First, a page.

The demand pressure slowly yet consistently building over the last year has created some remarkable pressure to the upside on the price of gold. With recent announcements by Iran that their foreign reserve holdings are being converted to gold, and the record purchase of $3.5 billion by unidentified Saudi Arabians over a two week period, it seems remarkable that gold continues range-bound trading in the low 700’s.
Recent coverage of the gold market by mainstream financial stations such as CNBC and Fox News indicate that the discrepancy between the COMEX spot price and the average price for gold bars and coins (US$900+ on Ebay, for example) is starting to make even the most stalwart feeble-minded news anchors see what two plus two equals.
So the forces building that will take gold through $1500 within the year and likely much further are compounding with every day that the global economy slides deeper and deeper into depression. The United States must continue its desperate efforts to saturate the economy with USD while its value is high because when the repatriation of those same dollars ebbs on the conclusion of the widespread and ongoing deleveraging-induced asset selling, the crash of the dollar will begin.
In my estimation, that will probably not occur until the New Year, because the Bush administration will be in full gear trying to salvage a favorable conclusion to 8 years of ham-fisted fiscal mismanagement.
Barrack Obama will inherit the messiest administration in terms of financial order since Roosevelt and will be faced with a conundrum: Stop the economic window dressing tactics of the Bush administration and let the inevitable unfold on his watch, or else continue the various ruses to buy time and perhaps find a miraculous solution.
It is to all of our advantage to stop the limp capital infusions as soon as possible and let the bottom rise up to meet us sooner rather than later. The natural corrective forces to start recovery will kick in only when the massive global over-capacity of production is allowed to contract through financial collapse. As painful economically as that will be, at least a recovery can begin when the U.S. Dollar is properly devalued to reflect its excess currency in circulation relative to the national balance sheet. G20 holders of the fragrant paper bearing the image of George Washington will have to bite the bullet and realize a massive devaluation in their foreign reserve holdings – a condition they are reluctant to embrace. That reluctance is facilitating an artificially high dollar value, and also abetting the equally false low gold price.
The bailout tab for the U.S. economy alone stands at $4.3 trillion. Prior to the onset of fund asset liquidation, the U.S. Dollar was in serious decline thanks mostly to its malignant current account deficit that is so malignant as to be terminal.
If we now add another $4.3 trillion to the liability side of the balance sheet, such is the additional impact on monetary inflation. U.S. Dollar purchasing power will begin to decline in the new year, and that will add yet more underlying pressure to gold demand.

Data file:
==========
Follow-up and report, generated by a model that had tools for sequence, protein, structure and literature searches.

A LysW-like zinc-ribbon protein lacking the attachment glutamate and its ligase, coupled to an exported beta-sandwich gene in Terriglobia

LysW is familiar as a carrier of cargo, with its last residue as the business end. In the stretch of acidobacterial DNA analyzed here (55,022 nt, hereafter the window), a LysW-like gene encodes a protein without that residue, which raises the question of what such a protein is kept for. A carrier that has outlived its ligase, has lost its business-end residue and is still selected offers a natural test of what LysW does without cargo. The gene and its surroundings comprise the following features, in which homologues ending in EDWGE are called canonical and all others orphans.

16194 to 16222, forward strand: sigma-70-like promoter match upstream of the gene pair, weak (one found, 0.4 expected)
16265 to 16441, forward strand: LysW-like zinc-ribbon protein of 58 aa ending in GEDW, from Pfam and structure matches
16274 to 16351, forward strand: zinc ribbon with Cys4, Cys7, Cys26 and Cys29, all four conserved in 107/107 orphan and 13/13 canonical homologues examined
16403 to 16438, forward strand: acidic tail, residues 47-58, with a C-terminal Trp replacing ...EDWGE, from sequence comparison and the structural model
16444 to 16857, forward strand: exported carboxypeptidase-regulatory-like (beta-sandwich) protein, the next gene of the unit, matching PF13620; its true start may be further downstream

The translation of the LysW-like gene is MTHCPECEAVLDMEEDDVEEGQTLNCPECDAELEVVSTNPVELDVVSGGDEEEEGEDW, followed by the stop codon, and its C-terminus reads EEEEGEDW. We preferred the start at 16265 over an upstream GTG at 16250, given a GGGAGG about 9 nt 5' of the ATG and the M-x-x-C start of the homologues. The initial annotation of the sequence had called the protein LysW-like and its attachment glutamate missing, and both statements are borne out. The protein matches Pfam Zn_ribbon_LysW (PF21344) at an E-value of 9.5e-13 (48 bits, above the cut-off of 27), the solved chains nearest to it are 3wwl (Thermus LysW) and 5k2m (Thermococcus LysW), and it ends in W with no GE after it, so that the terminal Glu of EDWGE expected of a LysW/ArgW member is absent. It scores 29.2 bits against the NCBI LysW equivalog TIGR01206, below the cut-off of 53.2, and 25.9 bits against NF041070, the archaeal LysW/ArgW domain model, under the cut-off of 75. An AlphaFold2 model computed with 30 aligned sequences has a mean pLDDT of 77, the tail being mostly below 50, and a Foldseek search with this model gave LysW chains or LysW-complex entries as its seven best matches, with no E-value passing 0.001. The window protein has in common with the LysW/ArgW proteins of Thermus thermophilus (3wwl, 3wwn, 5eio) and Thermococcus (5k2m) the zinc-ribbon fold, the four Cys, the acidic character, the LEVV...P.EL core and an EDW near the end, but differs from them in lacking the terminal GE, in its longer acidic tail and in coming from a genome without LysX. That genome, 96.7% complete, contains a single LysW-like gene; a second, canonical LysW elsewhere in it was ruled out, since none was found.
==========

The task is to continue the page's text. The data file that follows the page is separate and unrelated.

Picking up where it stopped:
But the real explosive force is the still-swelling and still-unregulated derivative market.
Now at an incomprehensible US$ 684 trillion, this is the metaphoric elephant in the room.
There is little doubt the Obama will tackle this suicidal exposure with regulation. Much like the Great Depression that started with the stock market crash in 1929, overzealous bankers who at that time were buying securities from risky firms and then recommending and reselling them to their clients had to be reigned in after much of the banking in the U.S. collapsed by 1933.
Note that the height of the banking crisis occurred 4 years after the onset of the stock market crash. By 1933, 4,000 U.S. banks had vanished.
The Glass-Steagall Act of 1993 was passed into law and it prohibited banks from selling securities, and investment firms from becoming banks. In the present crisis, the opposite has occurred, and now banks can become investment firms and vice versa.
Glass-Steagall was repealed in 1999 and replaced with the Gramm-Leach-Bilely Act of 1999, which made significant changes to Glass-Steagall. The 1999 law did not make sweeping changes in the types of business that may be conducted by an individual bank, broker-dealer or insurance company. Instead, the act repealed the Glass-Steagall Act's restrictions on bank and securities-firm affiliations. It also amended the Bank Holding Company Act to permit affiliations among financial services companies, including banks, securities firms and insurance companies. The new law sought financial modernization by removing the very barriers that Glass-Steagall had erected.
In 1997, Brooksley Born warned in congressional testimony that unregulated trading in derivatives could "threaten our regulated markets or, indeed, our economy without any federal agency knowing about it." Born called for greater transparency--disclosure of trades and reserves as a buffer against losses.
Born was appointed to the CFTC by Clinton and served alongside Fed Chairman Greenspan, Rubin and SEC Chairman Arthur Levitt on the President's Working Group on Financial Markets.
Instead of heeding the advice of the very independent and tenacious Born, her powers were limited and she ultimately left the CFTC to return to private practice.
To individuals who have the bulk of their net worth in gold, this will come as a blessing in disguise. Since the derivatives notional volume continues to increase, the explosive pressure on gold is theoretically building at exactly the same rate. At some point, its going to blow, and the long-maligned gold supporters will have more than just their day in the sun. Many will conclude that they were right all along.